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2.概括而言，選舉主任的決定建基於劉女士未有在其競選活動中放棄推動自決，而當中包括香港成為獨立國家的選項 。因此，他總結劉女士並不接受中華人民共和國擁有香港的主權 ，而且未能顯示她真誠地擁護《基本法》及效忠香港特別行政區的意圖 。
3.需要注意的是，縱使劉女士已填妥擁護基本法的聲明 ，近來亦公開地表示反對香港獨立，及強調其對自決的支持是指達致以普選作行政長官選舉的方式 ，可是選舉主任仍作出以上的總結。劉女士以上的所有表述，皆被選舉主任視為免被取消參選資格的策略 。
4.法政匯思重申，《香港人權法案》（「該人權法案」）第21條（參照公民權利和政治權利國際公約（「該公約」）第25條）訂明，所有香港永久性居民均享有在選舉中投票及參選的權利，不應作任何形式的區別（包括政治或其他意見）。 事實上，聯合國人權理事會在解釋該人權法案於該公約的相應條文時，特別闡明「政治意見不應被用以剝奪任何人參加選舉的權利的理由」 。我們認為，該決定違反第21條所載的原則。
5.根據原訟法庭最近的一個判決 ，選舉主任一般應將提名表格內已簽署的聲明視為候選人真正有意維護《基本法》的有力證據。除非有有力證據客觀地明確顯示候選人沒有這個意圖，否則選舉主任不應作出不同結論 。由於選舉主任沒有給予劉女士正式簽署的聲明充分比重，他似乎未有遵守上述原則。
6.更遺憾的是，該決定完全無視上述判決中重申的一個固有的原則：程序公平。根據程序公平原則，若選舉主任依賴任何材料來顯示被提名人沒有真正意圖去維護《基本法》，被提名人必須有充分機會來回應 。但選舉主任並沒有給予劉女士任何這樣的機會。必須指出的是，即便是支持香港獨立的陳浩天先生，選舉主任也不只一次、而是兩次詢問他對香港獨立的立場，才判定他的提名無效 。該決定顯然違反了這個已確立的法律原則。
The Progressive Lawyers Group's Statement on the Disqualification of Ms Lau Siu-lai in the 2018 Legislative Council (Kowloon West Constituency) By-election
1. The Progressive Lawyers Group ("PLG") strongly condemns the decision of the Returning Officer to invalidate the nomination of Ms Lau Siu-lai ("Ms Lau") for the 2018 Legislative Council (West Kowloon Constituency) By-election ("the Decision"). The Decision has not only unjustly deprived Ms Lau of her constitutional right to stand for election; it has also unfairly restricted the Hong Kong public's right to vote for their preferred candidate.
2. In gist, the Returning Officer disqualified Ms Lau on the basis that she has not abandoned her campaign for self-determination which includes the option of turning Hong Kong into an independent country. Accordingly, he concluded that Ms Lau does not accept the sovereignty of the People's Republic of China over HKSAR and has failed to manifest a genuine intent to uphold the Basic Law and to pledge allegiance to the HKSAR.
3. It must be noted that the Returning Officer reached the above observation despite the fact that Ms Lau has duly made the statutory declaration to uphold the Basic Law, openly expressed her disapproval of independence of Hong Kong recently and stressed that her support for self-determination meant achieving the selection of the Chief Executive by universal suffrage. All these representations were regarded by the Returning Officer as a strategy to avoid being disqualified from the election.
4. The PLG wishes to reiterate that Article 21 of the Hong Kong Bill of Rights ("HKBoR") (cf. Article 25 of the International Covenant on Civil and Political Rights ("ICCPR")) provides that all Hong Kong permanent residents have the right to vote and stand for election without any distinction of any kind (including political or other opinion). Indeed, the Human Rights Committee of the United Nations has specifically made clear that "political opinion may not be used as a ground to deprive any person of the right to stand for election" when explaining the identical counterpart of HKBoR in the ICCPR. In our view, the Decision runs contrary to the principle enshrined under Article 21.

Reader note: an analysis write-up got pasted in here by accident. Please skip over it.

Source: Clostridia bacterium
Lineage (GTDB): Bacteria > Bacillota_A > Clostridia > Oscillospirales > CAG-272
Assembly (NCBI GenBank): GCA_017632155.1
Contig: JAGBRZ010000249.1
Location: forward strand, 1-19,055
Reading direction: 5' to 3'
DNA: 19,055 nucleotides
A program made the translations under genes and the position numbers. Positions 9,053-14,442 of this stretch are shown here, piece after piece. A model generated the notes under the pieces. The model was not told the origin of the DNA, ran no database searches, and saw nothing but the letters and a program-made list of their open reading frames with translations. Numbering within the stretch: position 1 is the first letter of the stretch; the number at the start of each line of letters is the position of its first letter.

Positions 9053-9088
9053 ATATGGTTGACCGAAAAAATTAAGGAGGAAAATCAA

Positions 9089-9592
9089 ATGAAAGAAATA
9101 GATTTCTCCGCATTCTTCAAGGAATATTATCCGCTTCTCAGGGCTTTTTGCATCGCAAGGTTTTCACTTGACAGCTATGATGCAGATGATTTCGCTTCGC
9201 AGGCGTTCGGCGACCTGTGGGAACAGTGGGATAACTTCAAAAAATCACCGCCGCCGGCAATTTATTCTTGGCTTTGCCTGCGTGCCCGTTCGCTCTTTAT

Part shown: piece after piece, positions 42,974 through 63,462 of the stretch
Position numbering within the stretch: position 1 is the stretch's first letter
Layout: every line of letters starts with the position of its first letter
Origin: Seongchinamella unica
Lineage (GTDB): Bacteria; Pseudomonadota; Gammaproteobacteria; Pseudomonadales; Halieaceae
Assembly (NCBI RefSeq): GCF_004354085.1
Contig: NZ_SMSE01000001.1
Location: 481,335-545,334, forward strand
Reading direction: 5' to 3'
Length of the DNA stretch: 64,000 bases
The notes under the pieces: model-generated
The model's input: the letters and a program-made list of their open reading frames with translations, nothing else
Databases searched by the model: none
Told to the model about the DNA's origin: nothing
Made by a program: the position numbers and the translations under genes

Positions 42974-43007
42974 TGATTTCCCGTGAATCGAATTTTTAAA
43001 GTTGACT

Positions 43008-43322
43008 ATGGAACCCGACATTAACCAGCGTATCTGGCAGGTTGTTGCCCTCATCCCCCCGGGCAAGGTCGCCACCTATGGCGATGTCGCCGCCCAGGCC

5. According to a recent decision of the Court of First Instance, a returning officer should generally regard a signed declaration in the nomination form as a strong proof of a candidate's genuine intent to uphold the Basic Law. The returning officer should only conclude otherwise if there is compelling evidence which plainly shows objectively that the candidate does not have such intention. It does not appear the Returning Officer has adhered to the above principle by failing to give sufficient weight to Ms Lau's duly signed declaration.
6. Even more regrettably, the Decision was made in complete disregard of the entrenched principle of procedural fairness reiterated in the Court decision just referred to. Procedural fairness dictates that a nominee must be given a reasonable opportunity to respond to any materials that the Returning Officer regards as negating a genuine intention on the part of the nominee to uphold the Basic Law. Ms Lau has not been offered such an opportunity at all. It must be noted that even Mr Andy Ho Tin Chan, an outright pro-independence activist, was approached by another returning officer, not once, but twice, to enquire about his position on the independence of Hong Kong before his nomination was eventually invalidated. The Decision clearly contravenes such well established legal principle.
7. The reasoning of the Returning Officer premised upon a statement signed by Ms Lau and her Facebook post 2 years ago effectively deprives Ms Lau of her fundamental rights to stand for election for an unspecified period of time. One would still be considered a supporter of independence of Hong Kong even if s/he later expressly and clearly retracts from such position. The sanction on Ms Lau is even more draconian than that under the laws of Mainland China which would have required a conviction for a serious criminal offence to deprive a person of his/her political rights. Here, Ms Lau has not committed any offence.
8. The PLG notices that Ms Lau has already clarified her stance on self-determination. In any event, whether advocating the abstract idea of self-determination amounts to contravention of the Basic Law is highly doubtful.
9. The previous statement of the PLG dated 30 January 2018 on the disqualification of Ms Agnes Chow in another by-election concerning the same issue remains valid and can be largely applied to the present case. The PLG demands that in making a decision, any Returning Officer should (a) allow all candidates to respond to any materials the Returning Officer may rely on in the decision-making process; and (b) afford due weight to the relevant provisions under the HKBoR. Fellow Hong Kong people and civil society groups should remain vigilant against any attempt by the Government to deprive of the fundamental rights of any resident and should voice out against any such attempt to prevent any further erosion of the freedom and fundamental rights of Hong Kong people.